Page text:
Hotel Hotspots

Three years ago, work took me on a trip out of Shanghai, and my colleagues and I stayed at a decent-looking hotel — one of the best in that area.

We were the only people there. When we checked in, the staff acted surprised that we needed things — like room keys. Nobody showed us where to go, and for a little while we stumbled around in the dark, looking for our rooms in the multi-building complex.

The rooms were chilly, and badly supplied. None of the amenities I’m used to seeing in even the worst hotels in the US or Europe were present.

The hotel was located on a road lined with industrial enterprises — but the road was strangely deserted every time we were on it.

The hotel managers had trouble getting us drinks, or calling us taxis.

The promised Internet connections didn’t exist — instead, I was given directions to a near-by Internet cafe. The cafe was a bit of a hike away, full of teenage boys and cigarette smoke. Not the worst working environment of my life, but not the best, either.

Hotels are high-visibility business projects. They can bring some glamour to a town, give a place for visiting executives and investors to rest their feet in nice surroundings.

Clearly, a good hotel is a must-have for any up-and-coming business city in China.

Three years ago, that feeling, that a location “should” have a hotel, was the primary consideration for putting one up.

But is the location any good? Is management effective? Is the hotel going to make money? These are the questions that must be asked instead. And today’s hotel executives are doing just that.

As this week’s story by Edward Russell and Miranda Li demonstrates, business logic is the driving force now in the industry — and it is now flourishing, even in second-tier cities.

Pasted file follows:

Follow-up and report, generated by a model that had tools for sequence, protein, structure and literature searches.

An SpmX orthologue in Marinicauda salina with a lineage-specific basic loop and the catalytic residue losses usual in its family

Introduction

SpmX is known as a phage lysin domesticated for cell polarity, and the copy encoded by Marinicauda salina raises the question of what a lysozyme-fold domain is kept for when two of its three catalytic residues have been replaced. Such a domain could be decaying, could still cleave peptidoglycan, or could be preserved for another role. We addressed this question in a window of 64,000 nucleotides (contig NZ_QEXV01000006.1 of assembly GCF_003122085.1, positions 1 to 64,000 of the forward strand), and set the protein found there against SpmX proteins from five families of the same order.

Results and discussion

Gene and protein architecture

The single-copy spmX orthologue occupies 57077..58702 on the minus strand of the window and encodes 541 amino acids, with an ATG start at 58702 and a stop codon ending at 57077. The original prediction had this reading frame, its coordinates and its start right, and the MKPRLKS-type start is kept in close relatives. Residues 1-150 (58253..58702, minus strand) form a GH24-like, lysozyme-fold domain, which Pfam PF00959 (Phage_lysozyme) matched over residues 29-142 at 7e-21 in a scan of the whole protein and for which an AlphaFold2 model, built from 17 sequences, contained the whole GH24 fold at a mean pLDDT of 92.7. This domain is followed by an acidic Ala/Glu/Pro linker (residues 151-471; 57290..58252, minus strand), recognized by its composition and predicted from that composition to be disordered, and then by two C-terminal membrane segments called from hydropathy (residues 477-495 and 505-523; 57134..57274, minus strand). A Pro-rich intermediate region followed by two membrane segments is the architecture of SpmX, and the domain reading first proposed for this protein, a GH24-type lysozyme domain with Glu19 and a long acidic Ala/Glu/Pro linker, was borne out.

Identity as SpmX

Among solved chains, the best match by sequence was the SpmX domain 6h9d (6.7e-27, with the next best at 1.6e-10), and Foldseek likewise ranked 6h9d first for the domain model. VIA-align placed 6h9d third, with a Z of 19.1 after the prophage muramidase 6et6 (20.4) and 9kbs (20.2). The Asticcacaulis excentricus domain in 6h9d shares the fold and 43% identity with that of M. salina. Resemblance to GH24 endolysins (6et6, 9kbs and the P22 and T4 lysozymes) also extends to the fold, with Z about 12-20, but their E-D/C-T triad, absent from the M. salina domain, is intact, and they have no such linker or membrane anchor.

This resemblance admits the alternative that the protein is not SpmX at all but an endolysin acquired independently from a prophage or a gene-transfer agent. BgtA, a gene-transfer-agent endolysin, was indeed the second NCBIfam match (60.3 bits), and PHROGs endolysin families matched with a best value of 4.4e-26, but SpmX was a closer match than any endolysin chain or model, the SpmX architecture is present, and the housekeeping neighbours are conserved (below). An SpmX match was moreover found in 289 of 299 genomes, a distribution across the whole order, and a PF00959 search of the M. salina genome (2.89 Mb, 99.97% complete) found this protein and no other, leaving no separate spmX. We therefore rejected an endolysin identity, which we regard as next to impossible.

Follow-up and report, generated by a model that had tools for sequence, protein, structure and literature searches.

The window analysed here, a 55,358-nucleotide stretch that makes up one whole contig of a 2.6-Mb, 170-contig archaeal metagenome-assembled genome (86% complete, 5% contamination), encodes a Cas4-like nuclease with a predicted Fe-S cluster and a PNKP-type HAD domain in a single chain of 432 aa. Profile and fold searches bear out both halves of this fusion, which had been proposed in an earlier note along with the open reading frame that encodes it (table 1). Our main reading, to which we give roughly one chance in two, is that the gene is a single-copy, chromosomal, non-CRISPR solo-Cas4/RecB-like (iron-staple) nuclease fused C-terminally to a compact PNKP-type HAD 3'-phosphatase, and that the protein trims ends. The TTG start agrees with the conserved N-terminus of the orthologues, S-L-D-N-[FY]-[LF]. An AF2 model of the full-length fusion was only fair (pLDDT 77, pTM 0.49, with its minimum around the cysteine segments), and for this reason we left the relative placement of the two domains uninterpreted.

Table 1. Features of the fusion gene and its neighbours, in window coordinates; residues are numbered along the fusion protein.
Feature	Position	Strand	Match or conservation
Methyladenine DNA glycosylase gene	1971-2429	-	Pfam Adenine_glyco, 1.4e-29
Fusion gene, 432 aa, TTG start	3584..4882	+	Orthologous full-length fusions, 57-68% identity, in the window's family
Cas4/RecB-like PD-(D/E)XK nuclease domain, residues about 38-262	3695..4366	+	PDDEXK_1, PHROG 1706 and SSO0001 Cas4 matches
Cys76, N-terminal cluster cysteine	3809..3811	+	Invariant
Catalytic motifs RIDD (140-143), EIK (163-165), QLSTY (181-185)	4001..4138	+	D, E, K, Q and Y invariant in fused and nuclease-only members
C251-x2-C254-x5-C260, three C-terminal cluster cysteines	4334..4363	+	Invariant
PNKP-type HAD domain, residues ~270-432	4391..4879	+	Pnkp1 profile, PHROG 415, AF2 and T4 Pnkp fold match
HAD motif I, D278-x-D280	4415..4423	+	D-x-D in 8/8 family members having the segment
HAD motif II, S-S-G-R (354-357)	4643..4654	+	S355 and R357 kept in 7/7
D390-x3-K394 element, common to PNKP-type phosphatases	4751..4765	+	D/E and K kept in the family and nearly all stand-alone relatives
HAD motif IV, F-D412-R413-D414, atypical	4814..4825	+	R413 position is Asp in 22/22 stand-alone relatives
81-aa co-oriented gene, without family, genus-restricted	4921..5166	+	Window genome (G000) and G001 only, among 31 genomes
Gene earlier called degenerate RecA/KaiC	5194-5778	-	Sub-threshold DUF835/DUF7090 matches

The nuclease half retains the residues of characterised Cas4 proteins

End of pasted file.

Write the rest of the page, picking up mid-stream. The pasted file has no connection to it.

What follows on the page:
As a result, developers are paying attention to budget hotels — less showy, but more practical, since most travel in China is domestic, and subject to price constraints.

However, as foreign interest continues to grow in central and western China, we’re starting to see some high-end properties as well.

I’m now looking forward to visiting the Shangri-La hotel in Wuhan, for example.

Rooms are just around $100 a night — a bargain by international standards. The hotel has conference and meeting rooms, a fitness center with a swimming pool, and honest-to-goodness Internet in the guest rooms.

But the same town also boasts a Novotel, a Ramada and a Best Western — all of which have been getting great reviews from business travelers.

The Ramada Plaza Tian Lu hotel has all the same amenities as the Shangri-La, as does the Novotel Xin Hua, and the Best Western Premier Wuhan, and prices are about the same or lower — many sites list prices at between $60 and $70 a night.

“I just attended a hotel conference at the Ramada Wuhan,” says a typical review. “I was expecting a disappointing experience typical of interior cities. I was pleasantly surprised that it had good service and cleanliness.”

Last time I traveled into China’s interior, away from the major cities, I stayed with friends.

Next time, I’m going to give some of these new hotels a try.